The NYT has a really good piece on why referenda are problematic instruments: Why Referendums Aren’t as Democratic as They Seem
Though such votes are portrayed as popular governance in its purest form, studies have found that they often subvert democracy rather than serve it. They tend to be volatile, turning not just on the merits of the decision but also on unrelated political swings or even, as may have happened in Colombia, on the weather.
Voters must make their decisions with relatively little information, forcing them to rely on political messaging — which puts power in the hands of political elites rather than those of voters.
Voters face a problem in any referendum: They need to distill difficult policy choices down to a simple yes or no, and predict the outcome of decisions so complex that even experts might spend years struggling to understand them.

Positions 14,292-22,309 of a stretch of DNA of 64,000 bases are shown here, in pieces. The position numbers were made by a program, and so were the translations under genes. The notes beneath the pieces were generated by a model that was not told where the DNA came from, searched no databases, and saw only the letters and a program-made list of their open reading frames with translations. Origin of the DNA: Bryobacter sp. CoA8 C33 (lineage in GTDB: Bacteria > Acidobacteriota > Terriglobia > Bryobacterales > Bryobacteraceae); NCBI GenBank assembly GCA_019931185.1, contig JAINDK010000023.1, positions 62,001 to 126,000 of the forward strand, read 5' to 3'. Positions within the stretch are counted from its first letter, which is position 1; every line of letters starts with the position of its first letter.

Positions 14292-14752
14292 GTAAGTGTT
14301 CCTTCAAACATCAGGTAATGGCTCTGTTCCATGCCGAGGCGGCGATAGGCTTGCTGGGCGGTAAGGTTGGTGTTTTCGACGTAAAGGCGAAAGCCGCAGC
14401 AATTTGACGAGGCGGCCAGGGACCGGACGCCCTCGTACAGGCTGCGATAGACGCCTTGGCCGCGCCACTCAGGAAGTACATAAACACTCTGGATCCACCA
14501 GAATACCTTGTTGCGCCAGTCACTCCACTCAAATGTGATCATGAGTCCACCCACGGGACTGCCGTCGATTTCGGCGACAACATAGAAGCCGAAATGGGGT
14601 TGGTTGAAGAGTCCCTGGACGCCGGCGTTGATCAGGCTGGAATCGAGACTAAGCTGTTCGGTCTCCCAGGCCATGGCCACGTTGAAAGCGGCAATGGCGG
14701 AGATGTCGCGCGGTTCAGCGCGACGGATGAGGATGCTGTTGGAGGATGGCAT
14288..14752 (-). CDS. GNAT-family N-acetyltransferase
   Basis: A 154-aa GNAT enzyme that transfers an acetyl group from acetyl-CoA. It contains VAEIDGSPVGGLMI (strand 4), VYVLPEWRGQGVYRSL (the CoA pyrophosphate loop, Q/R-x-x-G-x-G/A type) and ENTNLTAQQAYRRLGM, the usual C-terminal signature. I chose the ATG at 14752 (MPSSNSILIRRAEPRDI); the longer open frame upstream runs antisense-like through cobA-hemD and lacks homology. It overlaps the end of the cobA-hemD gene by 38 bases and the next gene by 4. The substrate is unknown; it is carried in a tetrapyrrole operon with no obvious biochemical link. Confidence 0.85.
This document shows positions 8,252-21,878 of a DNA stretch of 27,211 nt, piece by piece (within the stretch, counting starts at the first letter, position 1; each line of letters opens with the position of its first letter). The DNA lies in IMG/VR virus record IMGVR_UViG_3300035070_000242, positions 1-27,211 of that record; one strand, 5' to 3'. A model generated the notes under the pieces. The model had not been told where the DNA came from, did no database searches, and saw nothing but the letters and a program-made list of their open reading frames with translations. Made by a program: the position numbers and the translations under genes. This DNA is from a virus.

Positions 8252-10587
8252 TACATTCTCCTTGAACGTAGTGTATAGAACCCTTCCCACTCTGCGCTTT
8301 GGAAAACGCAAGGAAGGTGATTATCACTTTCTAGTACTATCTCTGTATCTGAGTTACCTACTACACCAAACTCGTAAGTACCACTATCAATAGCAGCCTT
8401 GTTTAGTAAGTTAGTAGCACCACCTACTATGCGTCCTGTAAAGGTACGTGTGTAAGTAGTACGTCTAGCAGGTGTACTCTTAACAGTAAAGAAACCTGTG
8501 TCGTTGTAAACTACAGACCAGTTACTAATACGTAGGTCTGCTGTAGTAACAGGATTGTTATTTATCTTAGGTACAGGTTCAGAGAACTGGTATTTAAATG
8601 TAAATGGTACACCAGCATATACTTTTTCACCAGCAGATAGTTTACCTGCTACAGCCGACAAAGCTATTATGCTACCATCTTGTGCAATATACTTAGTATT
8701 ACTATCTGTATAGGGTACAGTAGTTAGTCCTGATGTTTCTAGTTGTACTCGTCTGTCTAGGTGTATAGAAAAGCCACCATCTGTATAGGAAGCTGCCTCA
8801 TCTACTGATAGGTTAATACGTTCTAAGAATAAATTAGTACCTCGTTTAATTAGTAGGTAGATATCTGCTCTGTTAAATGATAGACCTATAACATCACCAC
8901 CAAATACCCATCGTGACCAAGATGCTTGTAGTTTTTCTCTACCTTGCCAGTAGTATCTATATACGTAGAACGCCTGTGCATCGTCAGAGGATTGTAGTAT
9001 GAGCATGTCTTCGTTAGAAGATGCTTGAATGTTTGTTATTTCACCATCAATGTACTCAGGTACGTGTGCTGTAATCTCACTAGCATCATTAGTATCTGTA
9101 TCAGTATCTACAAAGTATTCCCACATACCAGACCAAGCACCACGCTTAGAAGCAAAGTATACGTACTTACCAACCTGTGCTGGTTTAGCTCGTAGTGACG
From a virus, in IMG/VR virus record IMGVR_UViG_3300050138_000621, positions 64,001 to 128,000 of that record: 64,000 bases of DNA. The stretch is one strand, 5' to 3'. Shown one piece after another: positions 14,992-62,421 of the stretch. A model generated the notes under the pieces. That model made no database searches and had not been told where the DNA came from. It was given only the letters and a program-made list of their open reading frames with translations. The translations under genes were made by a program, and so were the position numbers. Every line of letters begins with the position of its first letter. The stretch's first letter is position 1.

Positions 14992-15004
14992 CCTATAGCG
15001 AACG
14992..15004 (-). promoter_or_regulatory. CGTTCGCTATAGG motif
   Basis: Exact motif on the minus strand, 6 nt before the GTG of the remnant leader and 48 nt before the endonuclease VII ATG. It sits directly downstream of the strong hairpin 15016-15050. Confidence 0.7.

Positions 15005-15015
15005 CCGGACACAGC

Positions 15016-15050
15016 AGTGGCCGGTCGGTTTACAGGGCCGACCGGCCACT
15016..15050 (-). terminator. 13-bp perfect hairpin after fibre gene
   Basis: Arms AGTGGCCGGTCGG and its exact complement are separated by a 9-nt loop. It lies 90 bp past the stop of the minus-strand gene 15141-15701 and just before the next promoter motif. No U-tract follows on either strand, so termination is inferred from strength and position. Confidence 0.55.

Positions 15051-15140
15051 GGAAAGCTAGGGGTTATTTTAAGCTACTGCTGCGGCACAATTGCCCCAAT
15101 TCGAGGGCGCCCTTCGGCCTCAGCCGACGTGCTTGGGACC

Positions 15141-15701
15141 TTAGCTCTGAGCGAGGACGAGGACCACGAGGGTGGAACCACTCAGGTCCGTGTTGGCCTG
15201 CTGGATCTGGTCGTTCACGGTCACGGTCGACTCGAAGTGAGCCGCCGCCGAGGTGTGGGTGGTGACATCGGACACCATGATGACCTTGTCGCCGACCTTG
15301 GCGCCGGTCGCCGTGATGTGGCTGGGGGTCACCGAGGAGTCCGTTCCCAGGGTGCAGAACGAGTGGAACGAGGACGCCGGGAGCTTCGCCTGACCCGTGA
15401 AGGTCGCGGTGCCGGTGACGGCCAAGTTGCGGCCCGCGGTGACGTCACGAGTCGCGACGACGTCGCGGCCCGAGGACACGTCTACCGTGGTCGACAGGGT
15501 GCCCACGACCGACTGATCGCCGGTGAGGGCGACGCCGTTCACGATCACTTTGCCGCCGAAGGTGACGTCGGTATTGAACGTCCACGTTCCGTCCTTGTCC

Voters typically solve this problem by finding what the political scientists Arthur Lupia and Mathew D. McCubbins have termed “short cuts.” The voters follow the guidance of trusted authority figures or fit the choice within a familiar narrative.
When a referendum is put forward by the government, people often vote in support if they like the leadership and vote in opposition if they dislike it, according to research by Lawrence LeDuc, a political scientist and professor emeritus at the University of Toronto.
“A vote that is supposed to be about an important public issue ends up instead being about the popularity or unpopularity of a particular party or leader, the record of the government, or some set of issues or events that are not related to the subject of the referendum,” Professor LeDuc wrote in a 2015 paper.
In Colombia, for example, most regions that voted for President Juan Manuel Santos in 2014 also voted for the peace deal, and vice versa.
All of which I think is on target. I would recommend the whole thing.
I also now have a new phrase to describe referenda: ”This isn’t democracy; it is Russian roulette for republics” (Kenneth Rogoff).